Westminster Hall in London has witnessed, during its 900 years’ history, many famous speakers: Charles de Gaulle, Nelson Mandela, Pope Benedict XVI and Barack Obama to mention a selection of twentieth century prominent leaders; but, today, in a packed Hall, parliamentarians experienced an exceptional address by Volodymyr Zelensky, the President of the Ukraine. He paid tribute to the unwavering moral and practical support of the British Government and the people of these islands. Zelensky, drawing inspiration from Churchill’s indefatigable resistance to Nazi aggression, went on to describe the bravery of Ukraine’s military, and the determination of his government to free his country from Russian occupation. He cited, more than once, what binds Britain and the Ukraine: love of freedom, an uncompromising belief in democratic institutions and a commitment to oppose tyranny. Britain’s experience of opposing “evil” in the Second World War automatically sensitised this country to stand up to aggressive nations. After the formal speeches, Zelensky was taken to meet MPs, and one could see how warmly he responded to Boris Johnson, the man who was first to offer support in Ukraine’s struggle. He was then taken to Buckingham Palace to meet King Charles III who has shown overt support for the Ukrainian people.
President Zelensky’s visit was not just a courtesy call, to offer thanks for the assistance given in the struggle against Russian aggression. He was here to persuade the British government to accelerate provision of essential armaments, particularly Challenger tanks and training for Ukrainian marines and fighter jet pilots. Most military commentators agree Russia is preparing a massive spring offensive, in a last ditch effort to break Ukrainian resistance. It is speculated that Putin is going to mobilise an army of about 500,000 conscripts. In terms of manpower, this would dwarf the number of combatants Ukraine could field, and that is where sophisticated weaponry will help to even the odds. Late spring, early summer could prove to be decisive in this war. If the Russian offensive stalls or is pushed back, then Putin may decide it is time to negotiate. However, predicting Putin’s behaviour is crystal ball gazing; he has fooled the West on previous occasions, so “caution” is the watchword. Assuming the Russian spring push does not force Ukrainian capitulation, then pressure will continue to grow to replace Putin. Even though many commentators have stated Putin will not be ousted in a palace coup, events, vis-à-vis major reversals on the battlefield, may make this scenario more likely.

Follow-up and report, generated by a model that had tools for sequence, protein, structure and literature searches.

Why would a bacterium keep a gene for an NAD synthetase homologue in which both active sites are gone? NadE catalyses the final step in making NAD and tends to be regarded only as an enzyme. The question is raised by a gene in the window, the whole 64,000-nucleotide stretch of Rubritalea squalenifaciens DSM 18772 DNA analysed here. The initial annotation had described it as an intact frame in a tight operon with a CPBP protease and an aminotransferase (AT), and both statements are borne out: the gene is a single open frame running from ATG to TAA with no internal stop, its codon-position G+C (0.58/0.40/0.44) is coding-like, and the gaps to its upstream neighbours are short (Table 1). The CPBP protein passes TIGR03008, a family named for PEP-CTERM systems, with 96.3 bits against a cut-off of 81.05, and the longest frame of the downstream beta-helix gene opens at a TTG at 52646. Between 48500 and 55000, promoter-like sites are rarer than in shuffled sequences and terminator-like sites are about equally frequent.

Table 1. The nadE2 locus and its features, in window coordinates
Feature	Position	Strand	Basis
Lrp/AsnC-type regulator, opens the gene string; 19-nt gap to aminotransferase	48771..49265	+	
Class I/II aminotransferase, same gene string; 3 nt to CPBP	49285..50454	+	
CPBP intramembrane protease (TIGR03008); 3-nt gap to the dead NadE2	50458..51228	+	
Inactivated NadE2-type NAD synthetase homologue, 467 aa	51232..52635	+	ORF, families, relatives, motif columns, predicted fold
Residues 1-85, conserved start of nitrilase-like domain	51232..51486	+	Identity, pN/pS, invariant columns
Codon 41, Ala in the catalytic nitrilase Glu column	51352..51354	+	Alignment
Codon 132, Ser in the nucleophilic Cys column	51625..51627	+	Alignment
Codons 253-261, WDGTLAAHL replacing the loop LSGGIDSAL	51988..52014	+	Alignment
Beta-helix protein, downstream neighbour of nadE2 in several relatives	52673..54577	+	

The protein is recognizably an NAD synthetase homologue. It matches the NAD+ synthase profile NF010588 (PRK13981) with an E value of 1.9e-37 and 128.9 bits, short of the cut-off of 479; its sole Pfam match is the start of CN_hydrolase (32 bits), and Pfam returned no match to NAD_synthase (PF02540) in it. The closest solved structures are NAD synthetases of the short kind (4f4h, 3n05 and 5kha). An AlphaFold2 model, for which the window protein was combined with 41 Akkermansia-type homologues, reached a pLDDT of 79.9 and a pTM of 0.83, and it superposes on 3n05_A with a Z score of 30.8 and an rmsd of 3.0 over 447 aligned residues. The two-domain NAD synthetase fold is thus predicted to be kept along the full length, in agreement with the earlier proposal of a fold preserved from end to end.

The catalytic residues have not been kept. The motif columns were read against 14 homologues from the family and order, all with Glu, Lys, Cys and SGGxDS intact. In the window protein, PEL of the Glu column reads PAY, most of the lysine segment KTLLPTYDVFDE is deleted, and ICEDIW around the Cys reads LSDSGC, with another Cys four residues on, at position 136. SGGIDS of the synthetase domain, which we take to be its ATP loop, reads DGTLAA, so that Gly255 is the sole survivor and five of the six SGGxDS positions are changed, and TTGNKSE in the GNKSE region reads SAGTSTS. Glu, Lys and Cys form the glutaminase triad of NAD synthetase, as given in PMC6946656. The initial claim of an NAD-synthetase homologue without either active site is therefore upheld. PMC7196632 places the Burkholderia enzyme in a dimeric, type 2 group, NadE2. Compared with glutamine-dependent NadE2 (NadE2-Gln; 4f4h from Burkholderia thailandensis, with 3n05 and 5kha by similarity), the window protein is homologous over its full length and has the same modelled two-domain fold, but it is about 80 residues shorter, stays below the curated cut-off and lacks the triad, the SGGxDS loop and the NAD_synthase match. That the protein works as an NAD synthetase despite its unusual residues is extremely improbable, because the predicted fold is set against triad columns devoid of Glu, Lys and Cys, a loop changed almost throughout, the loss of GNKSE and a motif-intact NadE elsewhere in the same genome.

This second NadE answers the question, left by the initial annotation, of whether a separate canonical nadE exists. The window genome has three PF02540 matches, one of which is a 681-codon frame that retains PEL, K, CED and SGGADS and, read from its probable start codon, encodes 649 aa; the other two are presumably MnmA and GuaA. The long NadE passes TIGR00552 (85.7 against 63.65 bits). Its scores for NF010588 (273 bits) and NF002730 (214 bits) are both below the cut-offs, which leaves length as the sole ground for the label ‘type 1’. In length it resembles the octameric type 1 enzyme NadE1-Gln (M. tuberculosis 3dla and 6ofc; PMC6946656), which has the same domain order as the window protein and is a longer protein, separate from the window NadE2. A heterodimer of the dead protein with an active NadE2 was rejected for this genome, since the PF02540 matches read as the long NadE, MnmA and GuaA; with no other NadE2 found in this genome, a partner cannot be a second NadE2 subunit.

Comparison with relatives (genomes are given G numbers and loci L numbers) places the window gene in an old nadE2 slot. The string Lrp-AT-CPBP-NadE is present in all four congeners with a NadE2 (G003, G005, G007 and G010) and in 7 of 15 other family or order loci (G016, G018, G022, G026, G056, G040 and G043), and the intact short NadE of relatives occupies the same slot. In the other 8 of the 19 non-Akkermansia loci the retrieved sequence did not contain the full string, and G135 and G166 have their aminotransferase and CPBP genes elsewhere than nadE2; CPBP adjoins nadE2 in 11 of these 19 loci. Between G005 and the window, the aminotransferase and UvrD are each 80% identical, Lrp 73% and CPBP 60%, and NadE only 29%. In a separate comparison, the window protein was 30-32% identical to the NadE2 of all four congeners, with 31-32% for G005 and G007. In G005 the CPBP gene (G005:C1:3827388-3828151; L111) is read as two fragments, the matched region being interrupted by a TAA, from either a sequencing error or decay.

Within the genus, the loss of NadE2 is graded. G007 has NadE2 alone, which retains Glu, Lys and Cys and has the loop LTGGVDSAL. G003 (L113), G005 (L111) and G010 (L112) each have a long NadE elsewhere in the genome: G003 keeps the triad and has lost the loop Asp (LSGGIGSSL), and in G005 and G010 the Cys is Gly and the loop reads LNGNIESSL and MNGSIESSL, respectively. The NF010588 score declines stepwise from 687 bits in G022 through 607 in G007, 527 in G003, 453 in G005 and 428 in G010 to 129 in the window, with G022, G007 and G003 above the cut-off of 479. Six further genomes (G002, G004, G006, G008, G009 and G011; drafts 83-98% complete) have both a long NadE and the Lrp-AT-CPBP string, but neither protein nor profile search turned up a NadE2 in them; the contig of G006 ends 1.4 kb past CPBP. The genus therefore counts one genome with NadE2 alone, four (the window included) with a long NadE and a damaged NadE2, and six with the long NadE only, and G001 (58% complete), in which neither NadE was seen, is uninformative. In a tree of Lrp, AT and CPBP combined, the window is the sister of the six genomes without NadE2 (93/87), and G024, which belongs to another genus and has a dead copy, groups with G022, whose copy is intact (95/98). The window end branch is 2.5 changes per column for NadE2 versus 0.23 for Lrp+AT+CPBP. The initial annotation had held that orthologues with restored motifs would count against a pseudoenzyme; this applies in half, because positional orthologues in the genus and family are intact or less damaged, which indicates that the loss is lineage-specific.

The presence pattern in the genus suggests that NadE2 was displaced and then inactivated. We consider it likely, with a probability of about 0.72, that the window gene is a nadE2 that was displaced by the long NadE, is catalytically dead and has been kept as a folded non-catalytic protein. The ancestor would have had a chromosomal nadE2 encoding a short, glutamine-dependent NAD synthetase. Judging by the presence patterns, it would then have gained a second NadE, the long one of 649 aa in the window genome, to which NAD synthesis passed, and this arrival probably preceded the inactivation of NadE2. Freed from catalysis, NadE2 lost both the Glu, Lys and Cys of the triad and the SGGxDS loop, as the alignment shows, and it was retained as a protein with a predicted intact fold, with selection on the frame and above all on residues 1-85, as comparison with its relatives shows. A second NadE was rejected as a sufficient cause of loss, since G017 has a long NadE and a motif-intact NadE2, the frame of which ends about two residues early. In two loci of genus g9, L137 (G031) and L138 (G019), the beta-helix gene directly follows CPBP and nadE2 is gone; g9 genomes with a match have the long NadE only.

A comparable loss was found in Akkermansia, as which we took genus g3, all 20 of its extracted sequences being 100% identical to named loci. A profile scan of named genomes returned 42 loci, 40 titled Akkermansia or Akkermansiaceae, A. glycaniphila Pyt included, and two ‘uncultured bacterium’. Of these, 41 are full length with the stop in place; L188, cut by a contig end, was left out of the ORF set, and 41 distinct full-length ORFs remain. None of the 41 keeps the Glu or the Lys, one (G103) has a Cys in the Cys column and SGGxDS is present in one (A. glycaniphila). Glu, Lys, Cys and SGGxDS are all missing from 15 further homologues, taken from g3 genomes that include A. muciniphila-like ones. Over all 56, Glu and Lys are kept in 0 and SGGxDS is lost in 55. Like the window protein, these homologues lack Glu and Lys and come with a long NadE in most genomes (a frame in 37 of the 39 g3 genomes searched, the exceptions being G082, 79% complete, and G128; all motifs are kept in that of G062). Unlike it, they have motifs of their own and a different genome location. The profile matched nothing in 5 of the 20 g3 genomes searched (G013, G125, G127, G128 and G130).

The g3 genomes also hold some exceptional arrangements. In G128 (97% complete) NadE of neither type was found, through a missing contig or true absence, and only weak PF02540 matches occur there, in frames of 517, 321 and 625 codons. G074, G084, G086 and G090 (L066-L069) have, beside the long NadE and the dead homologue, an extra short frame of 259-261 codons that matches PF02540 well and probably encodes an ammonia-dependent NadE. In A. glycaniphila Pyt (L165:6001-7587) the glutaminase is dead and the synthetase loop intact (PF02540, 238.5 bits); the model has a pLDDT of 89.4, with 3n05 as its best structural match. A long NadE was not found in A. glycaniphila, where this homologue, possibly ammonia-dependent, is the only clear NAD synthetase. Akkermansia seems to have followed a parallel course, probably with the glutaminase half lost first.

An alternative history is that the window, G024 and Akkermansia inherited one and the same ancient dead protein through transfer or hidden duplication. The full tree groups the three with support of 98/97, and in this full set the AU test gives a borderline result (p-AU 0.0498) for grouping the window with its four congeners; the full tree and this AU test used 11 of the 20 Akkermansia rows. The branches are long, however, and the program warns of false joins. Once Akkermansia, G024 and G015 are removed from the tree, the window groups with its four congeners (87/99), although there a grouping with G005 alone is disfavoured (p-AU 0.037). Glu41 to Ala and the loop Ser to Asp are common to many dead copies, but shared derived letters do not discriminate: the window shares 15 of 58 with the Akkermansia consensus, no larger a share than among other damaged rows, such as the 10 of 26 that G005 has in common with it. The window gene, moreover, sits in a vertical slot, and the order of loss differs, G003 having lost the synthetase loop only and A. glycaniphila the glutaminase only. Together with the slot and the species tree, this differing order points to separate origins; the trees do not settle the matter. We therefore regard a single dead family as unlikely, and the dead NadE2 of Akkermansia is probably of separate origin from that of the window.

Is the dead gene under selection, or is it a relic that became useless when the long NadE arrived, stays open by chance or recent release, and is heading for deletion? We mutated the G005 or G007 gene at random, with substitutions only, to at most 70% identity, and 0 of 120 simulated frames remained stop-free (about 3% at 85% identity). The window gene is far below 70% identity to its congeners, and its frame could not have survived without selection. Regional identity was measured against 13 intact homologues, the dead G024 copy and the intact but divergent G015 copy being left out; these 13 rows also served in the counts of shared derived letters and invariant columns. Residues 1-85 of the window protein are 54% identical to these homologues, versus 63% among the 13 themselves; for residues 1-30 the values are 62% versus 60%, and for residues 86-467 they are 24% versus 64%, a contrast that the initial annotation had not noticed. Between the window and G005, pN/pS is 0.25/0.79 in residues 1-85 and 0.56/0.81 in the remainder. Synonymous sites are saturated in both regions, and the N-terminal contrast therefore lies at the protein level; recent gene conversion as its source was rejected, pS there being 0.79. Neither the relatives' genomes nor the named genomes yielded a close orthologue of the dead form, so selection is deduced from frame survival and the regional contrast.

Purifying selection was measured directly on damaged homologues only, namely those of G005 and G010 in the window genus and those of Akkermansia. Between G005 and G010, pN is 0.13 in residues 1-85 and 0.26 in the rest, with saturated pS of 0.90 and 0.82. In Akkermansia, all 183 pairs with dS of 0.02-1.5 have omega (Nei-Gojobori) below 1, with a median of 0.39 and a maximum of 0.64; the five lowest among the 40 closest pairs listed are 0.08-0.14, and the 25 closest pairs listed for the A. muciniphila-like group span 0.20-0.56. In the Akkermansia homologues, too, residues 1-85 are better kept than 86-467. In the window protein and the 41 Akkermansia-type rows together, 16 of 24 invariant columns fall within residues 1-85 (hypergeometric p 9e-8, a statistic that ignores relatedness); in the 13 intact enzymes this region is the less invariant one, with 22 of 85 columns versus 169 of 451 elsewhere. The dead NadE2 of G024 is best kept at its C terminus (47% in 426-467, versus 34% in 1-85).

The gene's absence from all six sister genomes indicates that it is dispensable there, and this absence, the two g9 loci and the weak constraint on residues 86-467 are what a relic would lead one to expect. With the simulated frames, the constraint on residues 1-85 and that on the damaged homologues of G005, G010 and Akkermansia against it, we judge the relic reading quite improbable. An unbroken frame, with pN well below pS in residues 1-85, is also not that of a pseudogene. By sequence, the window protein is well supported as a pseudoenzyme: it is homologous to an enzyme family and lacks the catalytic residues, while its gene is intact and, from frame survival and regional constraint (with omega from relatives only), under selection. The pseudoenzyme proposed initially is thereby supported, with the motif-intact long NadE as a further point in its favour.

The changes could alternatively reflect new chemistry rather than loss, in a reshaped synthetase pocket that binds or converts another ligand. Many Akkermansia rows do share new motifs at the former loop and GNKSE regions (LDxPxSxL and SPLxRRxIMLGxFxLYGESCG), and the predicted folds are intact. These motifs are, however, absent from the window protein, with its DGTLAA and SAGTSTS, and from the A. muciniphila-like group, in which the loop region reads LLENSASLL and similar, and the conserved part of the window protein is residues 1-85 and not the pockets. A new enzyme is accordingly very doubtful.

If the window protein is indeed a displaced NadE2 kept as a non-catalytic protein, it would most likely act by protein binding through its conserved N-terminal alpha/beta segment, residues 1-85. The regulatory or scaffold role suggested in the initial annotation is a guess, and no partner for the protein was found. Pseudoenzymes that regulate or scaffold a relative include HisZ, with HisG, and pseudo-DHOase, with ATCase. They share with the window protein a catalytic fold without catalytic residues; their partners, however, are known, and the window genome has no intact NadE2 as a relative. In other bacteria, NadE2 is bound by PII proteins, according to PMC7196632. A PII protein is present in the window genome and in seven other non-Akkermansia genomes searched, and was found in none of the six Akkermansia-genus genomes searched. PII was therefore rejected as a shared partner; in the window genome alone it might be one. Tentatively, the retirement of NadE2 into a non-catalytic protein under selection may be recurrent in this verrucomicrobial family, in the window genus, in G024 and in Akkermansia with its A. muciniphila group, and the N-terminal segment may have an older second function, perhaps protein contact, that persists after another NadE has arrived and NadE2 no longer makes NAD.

If this year brings the war to an end, then what will be on the table for negotiation? Given the way Putin has Russified the Crimea and the Donbas region, a form of Slavic ethic cleansing, is it realistic for these territories to be returned to Ukrainian sovereignty? Certainly Zelensky’s rhetoric makes for no compromise: all land occupied by Russia must be ceded. And what role will the international community play in brokering a peace deal? The reality of the possibility of a settlement changes minds and lowers expectations. It is quite conceivable Ukraine will accept Russia’s annexation of the Crimea, but be less willing to accept losing parts of the Donbas. History teaches us both parties in a dispute have to compromise, unless their is unconditional surrender of one protagonist, a highly unlikely outcome in the present conflict. I am sure, behind the scenes, at a diplomatic level, both sides are considering what would be a framework for discussions to end the war, and although relations between the West and Russia are, to put it mildly, tense, there is a role for the West, in particular the USA and Britain, to help facilitate meaningful negotiations.